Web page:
Wildfire season is unfortunately upon us, and its intensity appears to be escalating year after year. The Dixie Fire started on July 13 and so far, it is only 52% contained. With over 840,000 acres of land burned, it has become the largest fire in California’s recorded history.
The Dixie Fire is burning in Butte and Plumas counties, both of which experienced one of the most destructive California wildfires only last year, the North Complex wildfire. Additionally, the Camp Fire, which still ranks as the most destructive wildfire in California occurred in November 2018 in Butte County. With 18,800 structures damaged or destroyed, the Camp Fire incinerated about 20% of the County’s single-family housing stock.
The second most destructive California fire to date was the Tubbs Fire in October 2017 which destroyed about 6% of single-family homes in the city of Santa Rosa in Sonoma county. CoreLogic analysis showed the value of property loss at $11 billion to $13 billion from the Camp Fire and $5 billion to $7 billion from the Tubbs Fire. Following the disasters, rent and home price growth accelerated in the affected areas as the significant loss of housing units drove families who lost their homes to rush for new shelter.
Since the Camp and Tubbs Fires, the intensity and frequency of fires has accelerated, and six of the top 20 most destructive California wildfires happened in 2020, burning a total of 4,257,863 acres — about the size of Connecticut and Rhode Island combined — and destroying or damaging almost 10,500 structures.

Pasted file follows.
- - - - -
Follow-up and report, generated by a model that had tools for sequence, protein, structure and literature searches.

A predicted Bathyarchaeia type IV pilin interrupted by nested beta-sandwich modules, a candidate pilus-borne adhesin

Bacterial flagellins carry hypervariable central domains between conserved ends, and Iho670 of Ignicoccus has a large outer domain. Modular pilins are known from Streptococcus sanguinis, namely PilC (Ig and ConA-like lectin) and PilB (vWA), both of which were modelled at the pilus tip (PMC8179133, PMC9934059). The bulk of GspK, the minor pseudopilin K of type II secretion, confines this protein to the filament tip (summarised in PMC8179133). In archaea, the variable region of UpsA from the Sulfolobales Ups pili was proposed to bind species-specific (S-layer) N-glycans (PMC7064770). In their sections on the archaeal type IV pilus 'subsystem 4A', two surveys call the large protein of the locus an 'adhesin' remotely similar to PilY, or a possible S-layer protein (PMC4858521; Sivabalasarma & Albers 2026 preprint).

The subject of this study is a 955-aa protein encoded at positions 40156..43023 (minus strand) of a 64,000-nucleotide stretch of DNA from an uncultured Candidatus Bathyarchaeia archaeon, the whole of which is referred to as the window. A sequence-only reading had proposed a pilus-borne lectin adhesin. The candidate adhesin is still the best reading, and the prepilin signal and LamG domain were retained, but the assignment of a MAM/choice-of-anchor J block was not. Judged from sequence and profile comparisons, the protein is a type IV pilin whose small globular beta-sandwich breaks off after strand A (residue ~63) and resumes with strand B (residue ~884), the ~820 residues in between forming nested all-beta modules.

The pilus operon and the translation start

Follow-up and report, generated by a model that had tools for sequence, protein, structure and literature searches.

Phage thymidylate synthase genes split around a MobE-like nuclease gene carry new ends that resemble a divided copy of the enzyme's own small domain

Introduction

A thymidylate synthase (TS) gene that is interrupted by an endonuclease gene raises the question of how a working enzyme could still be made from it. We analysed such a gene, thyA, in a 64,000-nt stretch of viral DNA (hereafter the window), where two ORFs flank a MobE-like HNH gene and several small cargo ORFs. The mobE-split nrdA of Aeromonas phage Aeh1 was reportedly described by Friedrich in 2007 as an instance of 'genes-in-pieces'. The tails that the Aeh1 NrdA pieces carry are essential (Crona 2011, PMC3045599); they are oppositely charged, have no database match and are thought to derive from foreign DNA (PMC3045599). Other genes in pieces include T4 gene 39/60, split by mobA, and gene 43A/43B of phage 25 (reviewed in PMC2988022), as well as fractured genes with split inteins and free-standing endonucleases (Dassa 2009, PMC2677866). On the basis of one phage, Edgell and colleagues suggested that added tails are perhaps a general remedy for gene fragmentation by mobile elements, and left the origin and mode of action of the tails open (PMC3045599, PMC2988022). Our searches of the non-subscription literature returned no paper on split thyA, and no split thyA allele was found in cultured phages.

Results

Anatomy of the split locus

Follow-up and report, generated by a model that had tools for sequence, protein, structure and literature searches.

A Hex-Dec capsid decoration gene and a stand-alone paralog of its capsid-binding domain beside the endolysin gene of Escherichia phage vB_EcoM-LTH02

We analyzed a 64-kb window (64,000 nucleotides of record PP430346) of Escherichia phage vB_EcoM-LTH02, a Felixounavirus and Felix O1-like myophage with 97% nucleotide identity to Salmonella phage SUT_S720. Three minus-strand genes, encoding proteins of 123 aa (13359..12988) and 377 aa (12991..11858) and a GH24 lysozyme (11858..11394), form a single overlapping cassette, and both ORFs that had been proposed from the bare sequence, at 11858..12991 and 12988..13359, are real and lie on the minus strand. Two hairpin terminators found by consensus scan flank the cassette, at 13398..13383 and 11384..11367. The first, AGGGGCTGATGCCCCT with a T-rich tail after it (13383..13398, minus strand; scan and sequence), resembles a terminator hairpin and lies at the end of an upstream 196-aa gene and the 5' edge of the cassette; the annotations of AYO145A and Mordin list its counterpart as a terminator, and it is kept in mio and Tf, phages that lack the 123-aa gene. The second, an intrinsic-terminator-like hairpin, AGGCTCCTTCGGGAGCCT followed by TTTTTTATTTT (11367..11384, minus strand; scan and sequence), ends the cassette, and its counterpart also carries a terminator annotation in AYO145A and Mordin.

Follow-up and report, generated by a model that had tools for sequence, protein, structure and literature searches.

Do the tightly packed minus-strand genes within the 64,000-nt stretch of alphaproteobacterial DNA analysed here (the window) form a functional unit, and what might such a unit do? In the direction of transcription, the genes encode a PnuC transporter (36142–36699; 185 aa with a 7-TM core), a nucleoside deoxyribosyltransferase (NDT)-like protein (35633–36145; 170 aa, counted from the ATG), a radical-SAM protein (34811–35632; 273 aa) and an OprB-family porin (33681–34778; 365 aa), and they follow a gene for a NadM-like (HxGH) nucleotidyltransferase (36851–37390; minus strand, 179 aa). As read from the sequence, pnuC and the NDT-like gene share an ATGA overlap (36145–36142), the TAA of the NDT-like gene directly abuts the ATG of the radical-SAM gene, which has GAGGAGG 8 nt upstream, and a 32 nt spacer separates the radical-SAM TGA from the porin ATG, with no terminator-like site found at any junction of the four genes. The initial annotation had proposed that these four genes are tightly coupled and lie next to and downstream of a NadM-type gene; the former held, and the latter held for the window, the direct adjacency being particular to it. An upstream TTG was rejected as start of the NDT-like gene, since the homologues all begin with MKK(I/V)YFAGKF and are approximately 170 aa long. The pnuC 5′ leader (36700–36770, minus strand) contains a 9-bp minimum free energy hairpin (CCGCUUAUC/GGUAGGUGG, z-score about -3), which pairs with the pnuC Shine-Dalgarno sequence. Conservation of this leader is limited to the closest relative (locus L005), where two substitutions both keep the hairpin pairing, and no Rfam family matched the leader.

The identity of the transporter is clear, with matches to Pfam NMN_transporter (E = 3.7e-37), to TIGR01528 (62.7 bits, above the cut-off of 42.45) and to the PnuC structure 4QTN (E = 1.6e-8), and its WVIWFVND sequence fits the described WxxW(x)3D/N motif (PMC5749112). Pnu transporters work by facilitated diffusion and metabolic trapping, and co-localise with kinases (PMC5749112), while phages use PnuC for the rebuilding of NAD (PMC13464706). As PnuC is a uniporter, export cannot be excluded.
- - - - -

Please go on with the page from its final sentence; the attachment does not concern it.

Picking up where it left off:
The following analysis uses CoreLogic data to understand the impact of the two most destructive fires in 2020 — the North Complex Fire and the Glass Fire — on their affected housing markets.
The impact of wildfires varies and depends on local area conditions as well as the duration and frequency of fires. In many cases, displaced homeowners seek rental properties, causing rapid increases in rents. Home prices are also affected, though the impact tends to take longer to play out as households find a long-term solution. Nevertheless, unanticipated boosts to demand, such as those that happened during the pandemic, may confuse some previously observed trends.
North Complex Fire, August 2020
The North Complex Fire in August was the most destructive of 2020 and the fifth most destructive California wildfire of all time, and once again Butte, Plumas and Yuba counties were affected. Unlike the Camp Fire in Butte County, the North Complex fire burned twice as many acres but only one-eighth as many structures. As such, the impact on the cost of housing was relatively muted as compared to the Camp Fire.
Figure 1 illustrates annual rent growth trends in three counties impacted by the North Complex Fire and the Camp Fire. Prior to the Camp Fire in 2018, rent growth in these areas was running close to statewide trends, but afterwards, rental growth rate accelerated above the state trend and continued to increase for another year, peaking at an annual growth rate of 25% as compared to 2% growth statewide.
In contrast, as rent growth started to slow down in Butte and Yuba counties and the North Complex Fire burned in August 2020, there was not a similar jump in rent growth. Again, with only one-eighth as many structures being destroyed or damaged, the impact on the housing stock was much smaller.
Yuba County did see some acceleration in rent growth, which is consistent with the statewide trend, and could be a combination of both fire-displaced families looking for shelter and COVID-19-induced demand for communities with outdoor amenities; this was a trend observed all across the country during 2020.